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Nigeria : Senate imposes death penalty for drug trafficking

On May 9, 2024, the Nigerian Senate passed a bill introducing a death penalty for those convicted of drug trafficking in the country. The bill proposes death penalty for traffickers of cocaine, LSD, heroin and other narcotics, as well as 15 years imprisonment without possibility of fine for users of hard drugs.

The Nigerian Senate seeks tougher penalties for those convicted of drug trafficking in the country. On May 9, 2024, the Upper House of the Nigerian Parliament passed a bill to introduce a death penalty for drug-related offences. The Senate’s resolution to amend the National Drug Law Enforcement Agency Act (NDLEA) stemmed from consideration of a report by the Committees on the Judiciary, Human Rights, Legal Affairs,  Drugs and Narcotics. The bill proposes the death penalty for traffickers of cocaine, LSD, heroin and other narcotics in the country.

« If we want to eradicate drug trafficking in Nigeria, the only way to do it is to make it a crime punishable by death. »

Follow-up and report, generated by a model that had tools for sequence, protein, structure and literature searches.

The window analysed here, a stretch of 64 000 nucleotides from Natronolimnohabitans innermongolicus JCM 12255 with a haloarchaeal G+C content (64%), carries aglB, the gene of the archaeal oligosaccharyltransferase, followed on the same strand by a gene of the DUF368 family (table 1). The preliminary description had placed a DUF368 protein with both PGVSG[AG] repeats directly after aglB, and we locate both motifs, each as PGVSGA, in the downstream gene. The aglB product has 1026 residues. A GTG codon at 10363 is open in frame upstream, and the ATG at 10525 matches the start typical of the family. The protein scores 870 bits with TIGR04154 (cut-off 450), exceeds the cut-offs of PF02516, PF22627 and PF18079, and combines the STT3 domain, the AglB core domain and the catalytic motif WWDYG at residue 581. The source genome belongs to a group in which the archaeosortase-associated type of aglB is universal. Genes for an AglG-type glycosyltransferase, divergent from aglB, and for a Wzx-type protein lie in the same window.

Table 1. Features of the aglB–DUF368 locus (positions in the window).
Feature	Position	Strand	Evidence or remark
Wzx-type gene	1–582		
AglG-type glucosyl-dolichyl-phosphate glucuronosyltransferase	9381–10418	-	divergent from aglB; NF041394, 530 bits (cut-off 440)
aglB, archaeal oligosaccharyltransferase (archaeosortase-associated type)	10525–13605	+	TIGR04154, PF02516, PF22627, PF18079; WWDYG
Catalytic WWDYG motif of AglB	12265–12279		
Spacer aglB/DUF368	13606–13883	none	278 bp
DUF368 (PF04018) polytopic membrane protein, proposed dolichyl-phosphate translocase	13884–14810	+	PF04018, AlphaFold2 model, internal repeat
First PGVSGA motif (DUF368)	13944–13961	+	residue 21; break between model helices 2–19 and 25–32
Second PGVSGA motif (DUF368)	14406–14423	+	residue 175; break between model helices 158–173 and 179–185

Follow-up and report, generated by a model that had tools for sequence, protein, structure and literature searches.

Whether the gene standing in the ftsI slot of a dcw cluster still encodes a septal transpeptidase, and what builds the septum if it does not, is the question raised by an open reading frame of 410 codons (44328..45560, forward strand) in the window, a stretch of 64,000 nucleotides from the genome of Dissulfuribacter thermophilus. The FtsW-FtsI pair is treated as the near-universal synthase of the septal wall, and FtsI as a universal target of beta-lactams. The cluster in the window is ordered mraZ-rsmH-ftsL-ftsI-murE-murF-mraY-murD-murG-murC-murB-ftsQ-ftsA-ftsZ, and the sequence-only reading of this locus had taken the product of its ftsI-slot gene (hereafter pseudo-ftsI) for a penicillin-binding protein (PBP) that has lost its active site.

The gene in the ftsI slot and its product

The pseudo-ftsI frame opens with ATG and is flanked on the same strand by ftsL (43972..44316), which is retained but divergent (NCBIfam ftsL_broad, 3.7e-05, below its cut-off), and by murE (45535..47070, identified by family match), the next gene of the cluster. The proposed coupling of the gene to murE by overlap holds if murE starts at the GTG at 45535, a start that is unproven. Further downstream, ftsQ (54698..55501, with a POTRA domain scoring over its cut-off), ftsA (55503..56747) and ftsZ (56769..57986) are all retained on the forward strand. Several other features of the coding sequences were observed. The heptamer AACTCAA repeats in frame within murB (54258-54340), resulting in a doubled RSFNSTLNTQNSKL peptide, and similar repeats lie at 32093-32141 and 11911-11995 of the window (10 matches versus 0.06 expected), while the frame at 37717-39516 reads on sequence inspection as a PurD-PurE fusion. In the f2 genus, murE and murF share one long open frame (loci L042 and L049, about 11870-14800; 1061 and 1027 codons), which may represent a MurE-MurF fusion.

Peter Nwebonyi, SenatorNigeria

In Nigeria, the use of opioids, particularly tramadol and cough syrups containing codeine, is widespread. In the West African country, the abuse of drugs such as cannabis, cocaine and methamphetamine is a major cause of violence and road accidents. In April 2024, the NDLEA destroyed more than 300,000 kilograms of narcotics, seized in Lagos and Ogun States. NDLEA figures indicate that approximately 14.3 million Nigerians, aged between 15 and 64, are involved in drug abuse.

« The Nigerian Senate’s decision to introduce the death penalty for those involved in drug trafficking will create controversy as the death penalty is increasingly discouraged in many parts of the world. But for a country like Nigeria, it might be understandable that such a measure should be introduced for a crime that is seen in many quarters as having damaged the country’s reputation, particularly within the international community. »

Caleb Ojewale, JournalistNigeria

Drug trafficking is punishable by life imprisonment in Nigeria. The Senate bill aims to update the list of banned substances, improve the operational efficiency of the NDLEA, review penalties and establish state-of-the-art drug analysis laboratories. The Upper House has also proposed a 15-year prison sentence with no possibility of a fine for hard drug users.


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